Later this summer the Trust’s and the region’s research capacity will expand even further, when the Wolfson Centre for Applied Health Research (CAHR) officially opens next door to the Bradford Institute for Health Research.

It aims to use the latest research to improve the health and wellbeing of children and the elderly, and will bring together researchers from the universities of Bradford and Leeds with clinicians from across the Trust.

The CAHR has been made possible thanks to a £1 million award from national charity the Wolfson Foundation, which provides grants to support and promote excellence in fields including science, medicine and healthcare.

ENDS

For further media information, please contact communications@bthft.nhs.uk or call 01274 383901.

 

Note to Editors:

  1. Bradford Teaching Hospitals NHS Foundation Trust:

Bradford Teaching Hospitals NHS Foundation Trust is responsible for providing hospital services for the people of Bradford and communities across Yorkshire. We serve a core population of around 500,000 and provide specialist services for 1.1 million people.

Our 5,500 staff work over several sites, including Bradford Royal Infirmary, which provides the majority of inpatient services, and St Luke’s Hospital, which predominantly provides outpatient and rehabilitation services. We also manage local community hospitals at Westwood Park, Westbourne Green, and Eccleshill.

In early 2017, a new £28 million wing opened at Bradford Royal Infirmary, part of a £75m investment to improve patient care across our hospitals over a five-year period. It provides world-class facilities for elderly care, children’s services, a state-of-the-art intensive care unit with increased single-room provision and a retail concourse.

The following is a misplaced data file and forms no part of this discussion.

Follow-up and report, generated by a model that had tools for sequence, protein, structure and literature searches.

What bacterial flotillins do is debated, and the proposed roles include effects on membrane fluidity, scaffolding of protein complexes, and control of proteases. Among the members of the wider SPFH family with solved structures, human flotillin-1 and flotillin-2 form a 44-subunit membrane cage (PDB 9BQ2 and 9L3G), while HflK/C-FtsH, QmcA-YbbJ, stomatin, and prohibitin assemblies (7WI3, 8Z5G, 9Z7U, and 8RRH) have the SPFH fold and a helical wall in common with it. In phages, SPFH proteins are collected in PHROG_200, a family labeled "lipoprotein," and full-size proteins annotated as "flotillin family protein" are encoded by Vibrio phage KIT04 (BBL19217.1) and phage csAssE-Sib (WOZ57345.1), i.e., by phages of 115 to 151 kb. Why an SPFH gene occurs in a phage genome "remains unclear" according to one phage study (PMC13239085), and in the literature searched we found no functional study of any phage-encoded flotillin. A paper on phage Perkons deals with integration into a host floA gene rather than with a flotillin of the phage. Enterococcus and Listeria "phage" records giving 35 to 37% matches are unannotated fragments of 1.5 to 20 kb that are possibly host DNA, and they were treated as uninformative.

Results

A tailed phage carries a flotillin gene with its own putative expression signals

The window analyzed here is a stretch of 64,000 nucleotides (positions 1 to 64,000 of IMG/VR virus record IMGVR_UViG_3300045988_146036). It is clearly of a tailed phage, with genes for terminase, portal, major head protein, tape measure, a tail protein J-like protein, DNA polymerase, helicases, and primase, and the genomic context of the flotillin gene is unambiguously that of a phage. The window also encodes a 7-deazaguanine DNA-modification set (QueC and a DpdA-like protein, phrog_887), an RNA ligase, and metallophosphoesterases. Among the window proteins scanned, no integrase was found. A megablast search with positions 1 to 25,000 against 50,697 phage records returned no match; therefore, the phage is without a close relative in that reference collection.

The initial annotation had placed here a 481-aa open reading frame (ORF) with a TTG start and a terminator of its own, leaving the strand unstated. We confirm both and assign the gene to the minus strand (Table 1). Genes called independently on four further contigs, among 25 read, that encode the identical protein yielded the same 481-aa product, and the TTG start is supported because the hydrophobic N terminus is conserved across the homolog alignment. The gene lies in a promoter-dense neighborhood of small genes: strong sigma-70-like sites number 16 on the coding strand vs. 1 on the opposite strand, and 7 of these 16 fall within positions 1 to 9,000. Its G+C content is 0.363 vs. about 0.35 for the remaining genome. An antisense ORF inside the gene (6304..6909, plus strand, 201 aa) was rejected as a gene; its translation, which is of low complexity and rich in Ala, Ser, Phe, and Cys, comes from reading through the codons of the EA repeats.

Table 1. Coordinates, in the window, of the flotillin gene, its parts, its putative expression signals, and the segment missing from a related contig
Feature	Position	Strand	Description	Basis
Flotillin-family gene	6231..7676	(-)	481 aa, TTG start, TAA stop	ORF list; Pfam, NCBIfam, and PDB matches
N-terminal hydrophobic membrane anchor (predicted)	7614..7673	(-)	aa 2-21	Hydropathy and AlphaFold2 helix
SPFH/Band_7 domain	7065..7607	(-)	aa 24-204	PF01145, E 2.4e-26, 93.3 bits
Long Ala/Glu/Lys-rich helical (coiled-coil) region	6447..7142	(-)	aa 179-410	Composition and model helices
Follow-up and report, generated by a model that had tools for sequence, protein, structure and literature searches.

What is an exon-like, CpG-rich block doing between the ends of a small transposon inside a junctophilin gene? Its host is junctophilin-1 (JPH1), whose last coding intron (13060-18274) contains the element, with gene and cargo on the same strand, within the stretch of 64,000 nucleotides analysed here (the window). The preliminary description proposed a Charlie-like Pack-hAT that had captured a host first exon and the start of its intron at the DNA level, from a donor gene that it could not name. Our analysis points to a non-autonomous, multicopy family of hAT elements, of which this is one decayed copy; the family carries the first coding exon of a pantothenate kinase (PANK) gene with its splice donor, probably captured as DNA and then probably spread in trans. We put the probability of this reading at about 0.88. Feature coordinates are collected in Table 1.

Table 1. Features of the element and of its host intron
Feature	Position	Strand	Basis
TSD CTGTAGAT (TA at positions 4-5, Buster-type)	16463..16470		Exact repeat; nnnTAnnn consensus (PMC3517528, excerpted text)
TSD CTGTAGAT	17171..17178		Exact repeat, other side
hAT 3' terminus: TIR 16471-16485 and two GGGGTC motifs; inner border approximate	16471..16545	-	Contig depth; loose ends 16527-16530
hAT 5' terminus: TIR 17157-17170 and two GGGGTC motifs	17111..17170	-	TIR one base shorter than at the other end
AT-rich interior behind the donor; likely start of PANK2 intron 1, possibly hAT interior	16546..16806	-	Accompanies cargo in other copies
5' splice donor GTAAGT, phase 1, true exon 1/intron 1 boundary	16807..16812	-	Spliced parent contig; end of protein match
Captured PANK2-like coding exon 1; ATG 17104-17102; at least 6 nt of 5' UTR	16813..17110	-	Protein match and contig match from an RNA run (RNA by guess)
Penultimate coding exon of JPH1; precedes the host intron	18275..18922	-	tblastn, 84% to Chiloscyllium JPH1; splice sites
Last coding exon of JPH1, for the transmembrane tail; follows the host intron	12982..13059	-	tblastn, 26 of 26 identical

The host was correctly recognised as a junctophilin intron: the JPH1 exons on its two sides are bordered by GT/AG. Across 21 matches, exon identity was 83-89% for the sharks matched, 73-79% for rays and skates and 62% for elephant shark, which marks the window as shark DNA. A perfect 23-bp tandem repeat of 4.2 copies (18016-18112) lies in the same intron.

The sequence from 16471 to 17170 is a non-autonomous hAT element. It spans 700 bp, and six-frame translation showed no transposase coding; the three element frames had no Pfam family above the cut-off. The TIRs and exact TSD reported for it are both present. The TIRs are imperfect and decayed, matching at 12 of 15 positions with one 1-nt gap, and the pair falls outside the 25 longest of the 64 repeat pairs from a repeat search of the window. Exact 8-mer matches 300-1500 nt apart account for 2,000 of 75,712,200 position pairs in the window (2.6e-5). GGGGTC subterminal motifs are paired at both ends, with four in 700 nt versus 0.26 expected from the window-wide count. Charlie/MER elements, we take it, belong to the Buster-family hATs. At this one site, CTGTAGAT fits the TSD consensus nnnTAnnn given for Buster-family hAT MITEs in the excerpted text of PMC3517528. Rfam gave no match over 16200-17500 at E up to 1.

The new wing is a continuation of our work to improve patient experience after our new £2 million neonatal unit officially opened in January 2015. Our maternity services were recently shortlisted for the Royal College of Midwives’ (RCM) Midwifery Service of the Year Award, recognising excellence and innovation in the provision of maternity care.

In 2017, we also completed a £2m refurbishment of our Emergency Department (ED) as part of an ambitious vision to create a more efficient acute medicine service for the people of Bradford. It has been designed to provide a slicker and more efficient service, with faster senior clinical involvement at an early stage in the patient pathway.

As a teaching hospital, we are at the forefront of education and development in healthcare, and have an excellent reputation for research performance. We are one of the leading centres in conducting applied research in the country, particularly in quality and safety, elderly care and rehabilitation.

The Trust is home to the Bradford Institute for Health Research (BIHR) where researchers have led the development, validation and implementation of the award-winning Bradford Electronic Frailty Index (eFI) which helps calculate an elderly person’s risk of disability, impairment, falls and complications of chronic diseases, as well as their diminishing independence and capability. This is now being used by 98% of all GPs across the country.